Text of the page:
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Sunday, October 1

Day One: Idea to Novel Workshop: Brainstorm Your Idea

By Janice Hardy, @Janice_Hardy

Welcome to Day One of Fiction University’s At-Home Workshop: Idea to Novel in 31 Days. The first twelve days will focus on developing the story and getting all the pieces in place so we can more easily plot the entire novel.

Today, we’re letting our creative brain run free.

Step One: Brainstorm Your Idea

Brainstorming is a great way to dig deeper into an idea and make sure it really does have the legs to carry an entire novel. Any idea that falls flat after a few minutes of brainstorming is one that probably would have you banging your head against the keyboard by chapter three. Since you won’t have time to rethink your idea in November, it’s better to hit those walls now while you still have time to adapt.

The goal of this brainstorming exercise is to generate enough information about your idea so the later exercises will be more effective. Let your creativity flow and generate as many potential directions for this idea as you can. Don’t try to confine anything at this point—write it all down even if it doesn’t seem to fit or work yet. Some details you’ll use, some will fall away, and others will spark even better ideas. This is only a jumping off point.

Consider how the following questions might apply to your idea. Write down as much as you’d like, and if you have several possible answers, go ahead and write them all down. You never know which details will work best together. No idea is off limits today.

1. Who wants what and why?

This will help you narrow down your protagonist(s) and core conflict of the novel.

2. Who would be against these goals and why?

This will help you determine who (or what) your antagonist is and where the conflict of the novel will come from.

3. Is there one major conflict or problem that needs solving?

This will help you determine how many conflicts might develop from this idea (good for both external and internal conflicts, character arcs, and subplots).

4. Where can huge failures occur (because that might just turn out to be what your protagonist is after)?

This will help you with potential key turning point scenes and moments where the tensions and stakes might be raised.

5. What situations would lend themselves well to the growth of a character?

This will help you determine what potential scenes or issues might also serve the character arc or internal growth of the character.

EXERCISE: Write Down Your Idea

After you’ve explored these questions, write out your idea. Don’t worry if it’s vague or unformed at this stage, the goal is to get it on paper so you can study it and determine if it has what it needs to become a novel. It’s also for you to keep track of that original spark of inspiration so you can refer to it later. It’s not uncommon to lose track of where you want the novel to go or what inspired you about your novel in the first place. Having it written down can remind you if you go off track later.

This is also to give you some direction so later exercises can be more focused and more productive.

The first step in developing a novel is having a clear idea on what you want to write about.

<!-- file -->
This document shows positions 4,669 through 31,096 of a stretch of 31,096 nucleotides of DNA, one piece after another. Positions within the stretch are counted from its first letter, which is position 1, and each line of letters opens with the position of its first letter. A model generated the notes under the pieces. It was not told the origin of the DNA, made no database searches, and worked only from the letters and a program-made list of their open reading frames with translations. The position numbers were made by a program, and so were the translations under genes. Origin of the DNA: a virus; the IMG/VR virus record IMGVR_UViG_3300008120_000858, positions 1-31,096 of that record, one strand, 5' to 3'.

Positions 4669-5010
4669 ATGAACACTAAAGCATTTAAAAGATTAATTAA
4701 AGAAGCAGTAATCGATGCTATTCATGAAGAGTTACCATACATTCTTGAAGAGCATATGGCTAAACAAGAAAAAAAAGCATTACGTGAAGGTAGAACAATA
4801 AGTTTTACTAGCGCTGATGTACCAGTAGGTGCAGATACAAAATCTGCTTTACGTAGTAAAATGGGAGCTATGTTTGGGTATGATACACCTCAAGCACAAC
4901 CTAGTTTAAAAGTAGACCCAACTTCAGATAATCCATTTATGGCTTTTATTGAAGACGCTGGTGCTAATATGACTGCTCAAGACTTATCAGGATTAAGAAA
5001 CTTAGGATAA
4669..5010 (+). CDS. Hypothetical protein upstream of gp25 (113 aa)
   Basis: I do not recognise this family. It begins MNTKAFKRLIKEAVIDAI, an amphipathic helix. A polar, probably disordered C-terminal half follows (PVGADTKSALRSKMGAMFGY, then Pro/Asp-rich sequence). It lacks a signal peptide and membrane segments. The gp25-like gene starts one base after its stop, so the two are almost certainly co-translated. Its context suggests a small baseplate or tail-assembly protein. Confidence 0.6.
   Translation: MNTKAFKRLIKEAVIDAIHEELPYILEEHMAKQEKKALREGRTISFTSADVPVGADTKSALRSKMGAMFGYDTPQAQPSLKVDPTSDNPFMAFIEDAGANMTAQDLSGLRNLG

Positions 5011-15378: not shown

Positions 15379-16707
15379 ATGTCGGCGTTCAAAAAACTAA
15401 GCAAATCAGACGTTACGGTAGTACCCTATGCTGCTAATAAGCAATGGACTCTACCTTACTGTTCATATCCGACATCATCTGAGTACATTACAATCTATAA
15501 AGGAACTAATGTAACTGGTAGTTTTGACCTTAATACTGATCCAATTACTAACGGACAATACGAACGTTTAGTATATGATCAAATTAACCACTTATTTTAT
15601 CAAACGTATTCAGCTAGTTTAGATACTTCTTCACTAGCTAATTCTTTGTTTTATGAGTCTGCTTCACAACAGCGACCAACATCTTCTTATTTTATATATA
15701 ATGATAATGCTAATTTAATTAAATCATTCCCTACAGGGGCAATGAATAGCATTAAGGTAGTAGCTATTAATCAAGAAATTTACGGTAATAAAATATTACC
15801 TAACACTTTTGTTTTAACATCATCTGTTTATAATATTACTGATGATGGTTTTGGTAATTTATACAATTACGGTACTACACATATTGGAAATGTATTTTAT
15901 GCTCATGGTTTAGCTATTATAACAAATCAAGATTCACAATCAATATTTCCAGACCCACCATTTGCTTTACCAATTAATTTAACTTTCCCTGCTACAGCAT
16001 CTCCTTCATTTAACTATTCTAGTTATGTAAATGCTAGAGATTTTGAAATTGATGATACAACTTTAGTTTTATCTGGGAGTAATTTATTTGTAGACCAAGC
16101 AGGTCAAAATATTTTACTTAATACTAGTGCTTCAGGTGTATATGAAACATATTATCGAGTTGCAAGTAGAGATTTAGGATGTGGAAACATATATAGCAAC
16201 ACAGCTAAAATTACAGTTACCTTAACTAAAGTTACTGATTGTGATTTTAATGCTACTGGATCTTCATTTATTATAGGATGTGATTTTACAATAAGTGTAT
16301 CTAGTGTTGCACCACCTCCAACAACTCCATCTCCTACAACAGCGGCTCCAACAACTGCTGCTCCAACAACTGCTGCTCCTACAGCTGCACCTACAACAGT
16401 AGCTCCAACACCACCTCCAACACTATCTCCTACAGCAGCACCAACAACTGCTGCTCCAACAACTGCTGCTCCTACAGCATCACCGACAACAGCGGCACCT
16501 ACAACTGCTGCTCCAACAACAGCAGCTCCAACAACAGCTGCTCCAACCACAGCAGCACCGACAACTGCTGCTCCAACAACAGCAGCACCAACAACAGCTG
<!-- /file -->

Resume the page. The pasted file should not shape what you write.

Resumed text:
Those following along with the PYN book: Workshop Two offers multiples tips and exercises on finding and developing an idea. Workshop Three goes into more extensive detail on developing your idea and choosing the best way to tell your story.

Tomorrow, we’ll look at developing our novel’s hook.

Follow along at home with the book, Planning Your Novel: Ideas and Structure. Get more brainstorming questions and things to think about, in-depth articles, and clear examples of every step from idea to novel.

Paperback: Amazon | Barnes & Noble | Indie Bound  | Google Books | Books-A-Million | Chapters/!ndio

Ebook: Amazon | Barnes & Noble | iTunes | Overdrive | Kobo | Inktera | Chapters/!ndio

A long-time fantasy reader, Janice Hardy always wondered about the darker side of healing. For her fantasy trilogy The Healing Wars, she tapped into her own dark side to create a world where healing was dangerous, and those with the best intentions often made the worst choices. Her novels include The Shifter, Blue Fire, and Darkfall from Balzer+Bray/Harper Collins. The Shifter, was chosen for the 2014 list of "Ten Books All Young Georgians Should Read" from the Georgia Center for the Book. It was also shortlisted for the Waterstones Children's Book Prize, and The Truman Award in 2011.

Janice is also the founder of Fiction University, a site dedicated to helping writers improve their craft. Her popular Foundations of Fiction series includes Planning Your Novel: Ideas and Structure, a self-guided workshop for planning or revising a novel, the companion Planning Your Novel Workbook, Revising Your Novel: First Draft to Finished Draft, your step-by-step guide to revising a novel, and her Skill Builders Series, Understanding Show Don't Tell (And Really Getting It), and Understanding Conflict (And What It Really Means).   
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  1. Excellent thoughts and tips. I'm looking forward to this course!

  2. Thank you! I am temporarily without internet right now, but I am going to library my heart out so I can get in on this course. Wonderful tips!

  3. Great tips. I just started writing my novel again after four years. I'll follow along when I can.

  4. This came at the right time. I am planning a new novel. TY so much.